My lunch was surprisingly filling, despite being meatless. And for $13, I was able to try three different menu items. The first was a grilled kale and roasted carrot salad atop protein-packed fluffy quinoa and drizzled with a light parsley vinaigrette. I'd never had grilled kale and found it interesting in both texture and flavor. My second item was a generous portion of roasted balsamic cauliflower, which had a slight tanginess that I enjoyed. My third choice was the half-sized portion of potato gnocchi with a flavorful tomato sauce and strips of roasted butternut squash. It seemed more like a fall item than spring, but it worked.
I had a few bites of the colorful beet, grapefruit and basil side salad topped with a divine dollop of cashew cream that looked just like crème fraîche. The grapefruit segments were tart and complemented the earthy flavors of perfectly cooked red beets. Thin ribbons of fresh basil completed the dish that was simple but packed …
Tucked right inside the Museum of Contemporary Art Jacksonville, Café Nola is a delightful modern bistro situated next to the Main Library and across the street from Hemming Plaza.
Executive Chef Kathy Collins takes great pride in sourcing fresh ingredients — even using herbs grown on the building's rooftop garden.
Café Nola, outfitted in clean white and green hues, boasts an open kitchen and a modern interior with extra high ceilings and natural light. I suggest snagging a seat by the windows facing Hemming Plaza.
On a recent dinner visit during the One Spark festival, we started with sweet potato nachos, which proved to be a unique twist on traditional nachos. The base was a generous heap of thinly cut, crispy sweet potato chips topped with a creamy and rich bleu cheese sauce, sliced scallions, salty applewood-smoked bacon and sweet and tangy balsamic reduction. I stopped short of licking the plate.
The spring lobster gnocchi was lighter than I would have imagined, but still filling. The homemade potato gnocchi were soft and delicate, paired with crisp sautéed haricot verts and halved grape tomatoes, steamed Maine lobster pieces swimming peacefully together in a corn jus — a perfect spring dish.
The varied menu includes popular entrées such as a mac 'n' cheese with black truffle shavings, goat cheese, wild mushrooms and roasted chicken — served in a cast-iron pan. Another favorite, shrimp and grits, features plump shrimp in a creamy white wine and mushroom sauce with applewood bacon atop firm smoked cheddar grit cakes. It's served with a sun-dried tomato crostini, but I'm always too full to indulge.
For lighter fare, try one of the flavorful salads. There's a Caesar with a black truffle butter-basted local fried egg (say that three times fast); a Cobb with fresh steamed Maine lobster, asparagus and blueberries; and a warm calamari and artichoke salad with roasted pepper vinaigrette over fresh baby …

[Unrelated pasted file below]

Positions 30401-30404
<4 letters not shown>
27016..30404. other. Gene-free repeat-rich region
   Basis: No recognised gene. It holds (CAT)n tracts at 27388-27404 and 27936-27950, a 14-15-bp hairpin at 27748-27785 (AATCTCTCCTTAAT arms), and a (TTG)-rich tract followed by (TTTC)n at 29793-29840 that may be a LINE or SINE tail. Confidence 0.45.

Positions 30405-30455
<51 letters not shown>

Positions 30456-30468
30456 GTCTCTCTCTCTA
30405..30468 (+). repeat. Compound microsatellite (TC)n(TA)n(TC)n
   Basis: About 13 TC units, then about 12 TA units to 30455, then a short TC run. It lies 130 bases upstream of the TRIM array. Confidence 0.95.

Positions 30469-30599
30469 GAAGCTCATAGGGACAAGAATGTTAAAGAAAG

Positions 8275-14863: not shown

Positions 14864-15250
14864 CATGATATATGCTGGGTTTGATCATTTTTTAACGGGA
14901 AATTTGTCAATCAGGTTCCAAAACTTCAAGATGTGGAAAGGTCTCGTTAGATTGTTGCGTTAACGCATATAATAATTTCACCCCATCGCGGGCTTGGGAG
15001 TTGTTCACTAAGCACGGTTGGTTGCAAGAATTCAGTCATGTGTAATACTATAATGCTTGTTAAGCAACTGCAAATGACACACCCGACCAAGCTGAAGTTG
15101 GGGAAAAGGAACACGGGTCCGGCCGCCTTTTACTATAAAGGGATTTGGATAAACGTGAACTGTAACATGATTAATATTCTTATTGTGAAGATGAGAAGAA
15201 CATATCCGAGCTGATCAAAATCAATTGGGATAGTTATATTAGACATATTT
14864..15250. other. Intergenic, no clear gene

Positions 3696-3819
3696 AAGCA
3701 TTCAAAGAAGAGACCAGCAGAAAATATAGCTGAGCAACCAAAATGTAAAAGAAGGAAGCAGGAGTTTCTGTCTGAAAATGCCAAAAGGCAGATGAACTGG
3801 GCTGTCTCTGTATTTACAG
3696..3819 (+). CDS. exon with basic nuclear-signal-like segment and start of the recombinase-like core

A question I get asked regularly: "What are your three favorite restaurants in Jacksonville?" Without missing a beat, I rattle off my favorite, Avondale's very own Orsay. (The other two require a bit more thought.) I often take out-of-town guests, co-workers and friends for there drinks, dinner or special occasions.
From the moment I walk through the door, to the last morsel of homemade ice cream I devour, Orsay never fails to provide a fantastic experience. A tough day can quickly be forgotten upon entering Orsay, with its dim lights, flickering white candles, modern wallpaper, exposed rustic wood rafters and hip music wafting through the air. Creative cocktails and a ridiculously awesome happy hour don't hurt, either.
It's rare that I order an entrée (and I can't order lunch beacause the spot's only open for dinner and weekend brunch) because I crave so many of Orsay's appetizers. Evenings begin with a cheese plate and oysters. Sometimes I opt for raw oysters, other times I gravitate toward the roasted oysters with salty bacon, spinach and melted parmigiano-reggiano cheese — perfectly smooth and smoky.
The escargots (yes, that's French for snails), served in the shell, with a garlicky butter and thick, sautéed portobello mushroom slices, are a savory delicacy. They're served with crusty bread, perfect for sopping up the extra garlic butter.
The crunchy haricots vert (pronounced "airicovair," not "hair-ih-cots verts") are thin French green beans. Together with roasted hazelnuts, ripe halved grape tomatoes and a tangy crème fraiche vinaigrette, they make for a light salad too good to pass up.
In my opinion, the combo of chefs Jonathan Insetta (also of Black Sheep Restaurant) and Brian Siebenschuh creates "Top Chef" quality.
The steak frites — a perfectly cooked hangar steak with a salty, seared crust, served with a tower of thinly cut crisp frites fried in duck fat for extra flavor — are an Orsay dinner …